Regulated gene expression underlies the specification of cell fate and the maintenance of cell-specific function. Cellular diversity is of particular importance in the brain where neural circuits are assembled from cells with unique properties. Many neurological and psychiatric conditions arise from dysfunction in the brain, and although molecules are the targets of therapeutic drugs, we know relatively little about those that are critical for specific neural functions. Here we propose to generate a single-cell resolution transcriptome of the entire fly brain using Drop-seq. In a unique collaborative effort we will mine this data set to uncover molecules that contribute to an array of important neural processes, including: 1. How does Kenyon cell diversity support memory-guided decisions? 2. What is the extent of input specificity to functionally discrete dopaminergic neurons? 3. How do particular peptidergic neurons respond to internal states? 4. How does sex-specific neuronal identity emerge? 5. Is there a rational transcription factor logic for cell-specific gene expression? Our endeavour also possesses significant technological value. Transcriptomic information, and the design of synthetic regulatory sequences that decode cell-specific patterns of gene expression, will improve the precision and resolution with which experimental effector genes can be targeted to pre-determined groups of neurons.
Despite recent advances in systems and computational neuroscience, very little is known about how the brain’s functional complexity arises during ontogenesis and which developmental mechanisms determine the emergence of complex behaviour. The proposed research aims to bridge this gap between developmental neurobiology and systems neuroscience by defining the relative roles of early embryonic events and post-natal learning in the development of spatial and non-spatial coding in the hippocampal formation. Our key goals are to: 1) establish whether the functional diversity in hippocampal place cells is defined by early embryonic divergence; 2) test whether ‘non-place’ coding in the hippocampus is intrinsic to the network (as place coding appears to be), or whether it requires late post-natal learning; 3) discover the relative contributions of experience-dependent and independent processes in creating the specific neural architecture (‘continuous attractor') underlying codes for direction and distance. We will deliver these goals using chronic in vivo recording of neural activity (high density electrophysiology and calcium imaging) in developing animals coupled with neuronal birth tagging, behavioural testing and functional inactivation of crucial targets, to discover which self-organised embryonic events and instructive signals are necessary to organise hippocampal circuits.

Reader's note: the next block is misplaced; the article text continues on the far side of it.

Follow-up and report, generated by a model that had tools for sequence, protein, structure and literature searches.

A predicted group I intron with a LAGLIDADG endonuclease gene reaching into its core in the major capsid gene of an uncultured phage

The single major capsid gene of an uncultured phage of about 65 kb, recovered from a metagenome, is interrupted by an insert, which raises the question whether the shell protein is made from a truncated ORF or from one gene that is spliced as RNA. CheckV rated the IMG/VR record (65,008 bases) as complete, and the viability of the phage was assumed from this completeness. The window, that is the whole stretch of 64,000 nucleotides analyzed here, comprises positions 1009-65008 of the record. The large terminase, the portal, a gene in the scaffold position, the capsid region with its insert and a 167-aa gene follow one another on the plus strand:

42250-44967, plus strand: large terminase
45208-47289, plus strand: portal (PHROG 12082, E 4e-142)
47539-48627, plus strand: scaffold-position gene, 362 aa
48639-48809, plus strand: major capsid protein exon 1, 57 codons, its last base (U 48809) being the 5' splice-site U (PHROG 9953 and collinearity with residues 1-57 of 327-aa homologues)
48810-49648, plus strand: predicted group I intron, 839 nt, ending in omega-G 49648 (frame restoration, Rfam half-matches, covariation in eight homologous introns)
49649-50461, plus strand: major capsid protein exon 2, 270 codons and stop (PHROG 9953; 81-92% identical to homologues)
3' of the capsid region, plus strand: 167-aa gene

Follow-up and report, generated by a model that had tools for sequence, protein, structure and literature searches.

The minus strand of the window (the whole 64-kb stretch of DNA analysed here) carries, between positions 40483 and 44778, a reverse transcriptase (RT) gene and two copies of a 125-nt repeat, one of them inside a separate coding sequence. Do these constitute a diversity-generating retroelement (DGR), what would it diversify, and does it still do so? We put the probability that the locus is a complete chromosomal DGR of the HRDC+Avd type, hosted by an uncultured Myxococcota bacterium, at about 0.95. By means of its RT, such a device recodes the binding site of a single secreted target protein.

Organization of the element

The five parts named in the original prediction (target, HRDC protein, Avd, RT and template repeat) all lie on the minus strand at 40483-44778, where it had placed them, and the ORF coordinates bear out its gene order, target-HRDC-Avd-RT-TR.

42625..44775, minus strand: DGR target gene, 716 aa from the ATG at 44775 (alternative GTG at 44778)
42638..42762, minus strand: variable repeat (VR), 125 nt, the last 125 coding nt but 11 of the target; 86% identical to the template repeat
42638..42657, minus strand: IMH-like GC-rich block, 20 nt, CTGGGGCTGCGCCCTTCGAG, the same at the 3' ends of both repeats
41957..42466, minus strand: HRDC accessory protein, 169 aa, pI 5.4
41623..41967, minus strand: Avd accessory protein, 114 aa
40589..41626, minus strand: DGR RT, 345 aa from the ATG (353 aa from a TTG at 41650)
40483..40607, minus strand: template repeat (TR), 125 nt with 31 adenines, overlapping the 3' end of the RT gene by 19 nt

Although two broad cell types, neurons and glia, compose the brain, neurobiologists have tended to focus on neurons, the electrically excitable cells that process information. Glia were thought of primarily as neuronal support cells. Recent work challenges this view and shows that glia play essential roles not just in supporting neuronal function but also in instructing their development. I propose three aims to address how glia regulate two key aspects of brain development, neuronal birth and neuronal identity: (i) A major challenge in neurobiology is defining the origin of neuronal identity (and thus diversity). I will investigate how signals sent by glia to naïve precursors determine the unique neuronal fates that these cells adopt. (ii) Although the brain has little regenerative potential, under restricted circumstances differentiated glia can act as stem cells to generate neurons. I have identified one such example and will probe the signals that reprogramme glia to generate neurons. (iii) I will explore how different glial types differ in their regulation of neural development. I will begin with a systematic survey of the signals released by different glial-subtypes and then manipulate these while evaluating their effect on neighbouring neural precursors and neurons.
Background: Over 1,800 autosomal recessive (AR) Mendelian-disease genes have been identified. Missense mutations account for 59% of protein coding region mutations, yet their precise functional effects remain largely uncharacterized. Two important questions in human genetics aim to explain interindividual variation in phenotypic severity and assign pathogenic mechanisms to different disease phenotypes (including independent phenotypes within the same syndrome). For AR disorders, it is thought that many missense mutations cause protein instability. For these hypomorphic mutations, disease phenotypes are defined according to quantitative genetic threshold effects within a protein interaction network. Project: We will focus on a subset of AR ciliopathies which are strongly enriched for missense mutations, where complete gene knockout is thought to be lethal (see Rationale-below). We will use gene-editing and quantitative protein-protein interaction analyses to systematically compare the phenotypic effects of frameshift (likely knockout/null) and missense mutations. We will test our hypothesis that these missense mutations disrupt only a subset of gene functions/protein interactions, using phenomics algorithms we have developed and unbiased phenotyping in cell lines and mouse models, allowing us to assign pathogenic mechanisms to disease phenotypes. In future, this approach could be extended to the estimated 10-20% of > 3,000 Mendelian-disorders enriched for missense mutations.